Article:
Tuesday, February 09, 2016

These are the streets I know: A commuter's journey from Los Robles to the far side of Bolonia

    Join me on my one-hour walk/bus to work in Managua through these 19 photos of the people and sights that I see most days as I walk along. It was a fun exercise collecting the pictures, as I'd never asked people's names before when I passed. Using the excuse that I was doing a "project" for my friends and acquaintances back home also made me feel more confident about just boldly asking people to pose, or letting me take a photo of their watch-goose.
    As seen on Facebook. But hey, not everybody's on Facebook.

This is Ricardo, one of the two security guys who work the gate outside our little complex of four houses. Ricardo alternates 24-hour shifts with Guillermo. Security work pays really poorly, so Ricardo has two other jobs.

The billiard hall next to our house, Pool Ocho. Our landlord told us it was a well-run, non-noisy place with no disturbances, and she was right. It's super-popular and every cabbie in the city knows Pool Ocho, but we never hear one bit of noise or trouble coming from the place.

Three of the many delivery guys who do pharmacy deliveries at the general store and pharmacy near our house. There's always so many of them hanging around that I presume they get paid at least a little just for showing up, as well as additional for each delivery.

The quirky stoplight where I now know that the best time to walk is when the little red man says I shouldn't, or wait until the little green man has counted down from 80 seconds to 35 seconds. Otherwise, you're in danger of being run over by cars turning left. 

Cuban restaurant Mojitos, which cooks its meats under the hood of this old shell of a car. It looks a little better when it's open and there are tables out, but not much. We're going to go there one Friday night, when they do a whole roast pig.

Escarlet, the woman who sells me baked goods, usually on my way home. One of my faves are the "encarceladas," which are thin squares of pineapple jam spread on a cookie pastry and covered in lattice pastry (the name means "imprisoned.)

Watch goose at a photocopy store with the owner's house in behind. The owner cautioned me that the goose might bite, but then invited me to open the gate for a better shot. I did get one, but I thought Mr. Goose looked more engrossed in his role as watch goose in this one.

The equivalent of Elections Canada, and the bain of my existence every Wednesday morning, when there is a standing protest against the government outside that is now met by a vast force of riot-ready police. I can't pass through this street on Wednesday to get to my bus because the police won't let anyone through. The protesters contend Nicaraguan elections aren't free and open.

Overpass across the busy street where the buses come and go. I feel slightly vulnerable on overpasses, but it is damn hard to cross the four lanes of busy traffic otherwise

Veronica, who makes the best and most gigantic sugar doughnuts to sell at the bus stop. She charges 11 cordobas each, about 50 cents

The usual scene at my bus stop, where a bunch of us await the arrival of whichever buses we're bound for. My walk to get here is about 30 minutes, then maybe 20 minutes on the bus before I get out for one last 4-block walk.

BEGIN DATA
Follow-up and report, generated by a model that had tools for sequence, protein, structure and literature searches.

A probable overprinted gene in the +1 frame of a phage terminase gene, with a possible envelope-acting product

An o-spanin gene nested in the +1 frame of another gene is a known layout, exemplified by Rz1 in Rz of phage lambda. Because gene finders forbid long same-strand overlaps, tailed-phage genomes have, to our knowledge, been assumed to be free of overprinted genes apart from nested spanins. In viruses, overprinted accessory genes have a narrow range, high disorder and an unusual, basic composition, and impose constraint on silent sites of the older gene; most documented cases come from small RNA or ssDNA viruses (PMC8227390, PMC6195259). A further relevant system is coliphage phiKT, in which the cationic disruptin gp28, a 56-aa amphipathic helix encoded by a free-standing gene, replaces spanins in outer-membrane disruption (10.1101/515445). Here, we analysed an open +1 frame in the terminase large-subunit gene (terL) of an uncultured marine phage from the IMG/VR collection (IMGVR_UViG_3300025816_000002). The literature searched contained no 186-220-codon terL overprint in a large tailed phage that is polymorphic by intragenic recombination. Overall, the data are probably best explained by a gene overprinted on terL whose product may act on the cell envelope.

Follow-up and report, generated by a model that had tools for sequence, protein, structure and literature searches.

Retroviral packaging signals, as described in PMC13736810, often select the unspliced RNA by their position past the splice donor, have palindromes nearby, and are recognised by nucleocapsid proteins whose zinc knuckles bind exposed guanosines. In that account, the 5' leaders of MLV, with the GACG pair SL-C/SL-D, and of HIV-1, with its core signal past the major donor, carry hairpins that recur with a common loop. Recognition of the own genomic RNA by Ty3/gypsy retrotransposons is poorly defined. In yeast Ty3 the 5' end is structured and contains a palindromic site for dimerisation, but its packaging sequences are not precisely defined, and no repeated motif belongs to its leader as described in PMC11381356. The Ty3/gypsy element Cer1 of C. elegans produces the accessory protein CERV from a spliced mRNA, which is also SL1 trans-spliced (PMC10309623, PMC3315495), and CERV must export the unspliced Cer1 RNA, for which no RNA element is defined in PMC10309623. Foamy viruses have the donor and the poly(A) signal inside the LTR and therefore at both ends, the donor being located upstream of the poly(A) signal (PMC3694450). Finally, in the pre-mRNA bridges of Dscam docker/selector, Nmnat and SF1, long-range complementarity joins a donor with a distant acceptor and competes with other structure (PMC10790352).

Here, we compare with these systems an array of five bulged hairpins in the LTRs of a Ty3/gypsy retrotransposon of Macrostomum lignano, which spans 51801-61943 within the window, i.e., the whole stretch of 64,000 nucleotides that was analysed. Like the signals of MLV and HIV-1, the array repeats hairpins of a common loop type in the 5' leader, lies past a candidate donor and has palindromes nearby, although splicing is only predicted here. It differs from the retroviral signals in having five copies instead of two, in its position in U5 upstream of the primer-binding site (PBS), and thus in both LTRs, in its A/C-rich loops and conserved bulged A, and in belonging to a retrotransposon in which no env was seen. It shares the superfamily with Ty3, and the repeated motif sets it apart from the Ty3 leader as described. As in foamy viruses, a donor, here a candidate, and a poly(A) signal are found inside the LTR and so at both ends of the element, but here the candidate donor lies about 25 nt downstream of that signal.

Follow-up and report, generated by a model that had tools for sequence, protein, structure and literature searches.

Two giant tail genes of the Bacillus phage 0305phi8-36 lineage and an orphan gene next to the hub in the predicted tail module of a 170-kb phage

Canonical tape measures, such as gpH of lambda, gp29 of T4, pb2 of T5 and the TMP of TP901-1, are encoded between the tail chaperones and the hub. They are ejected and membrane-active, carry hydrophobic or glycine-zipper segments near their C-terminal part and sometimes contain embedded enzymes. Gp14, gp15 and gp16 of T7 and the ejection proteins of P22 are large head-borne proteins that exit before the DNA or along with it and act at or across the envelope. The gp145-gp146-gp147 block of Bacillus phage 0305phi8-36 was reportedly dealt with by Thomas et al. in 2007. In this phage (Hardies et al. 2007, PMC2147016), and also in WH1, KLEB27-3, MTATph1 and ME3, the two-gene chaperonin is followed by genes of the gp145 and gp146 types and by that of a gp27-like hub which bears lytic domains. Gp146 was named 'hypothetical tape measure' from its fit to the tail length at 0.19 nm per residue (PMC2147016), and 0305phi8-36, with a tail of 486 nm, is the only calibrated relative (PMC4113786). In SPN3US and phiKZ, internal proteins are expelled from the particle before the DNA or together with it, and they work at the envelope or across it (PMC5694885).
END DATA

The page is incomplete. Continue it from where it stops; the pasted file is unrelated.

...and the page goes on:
And now I'm on the bus, heading toward my office. A good day today - seats for all.

I get off the bus here for the four-block walk to my office. This is a fast-food chicken place, and they are always washing the parking lot and the restaurant floor, including sometimes pulling booths out onto the street for a big washing.

Man and dog recovering from a rough night. While I don't always see this specific guy, or dog, sleeping at this specific place, it does seem that the four-block stretch to my work is home to enough serious drinkers that I will always run across at least one man passed out cold. Sleeping on the street here isn't about homelessness, it's about alcoholism

Jovani, who is an odd duck with a drinking problem who greets me enthusiastically as I go to and from work, pretty much every day. First we said hi,. then we shook hands, now he has taken to hugging, which I'm not too fond of. But hey, so it goes.

Carmen, the cart lady who I help out from time to time. Just before we left the country last year, I gave her $35 for new wheels for her cart. Recently I bought her some basic groceries - rice, beans, oil, salt, coffee. She walks a crazy amount with her cart, collecting bottles and anything else she might be able to sell for a few cordobas or salvage. She has a husband, kids and grandkids - sometimes she has her 5 year old grandson with her.

My office. As is the case with many, many offices in Managua, it used to be a house. There's been a middle/upper-class flight out of Managua's centre to flashier outlying neighbourhoods, and many of the older 'hoods have been converted into office space for NGOs, embassies and the like.

Inside my office. That's Rosita on the right, who is kind of the Jill of all trades for our organization and does everything from staffing the reception desk to making us lunch, maintaining files, running work errands, etc. And that's Ericka the accountant in red.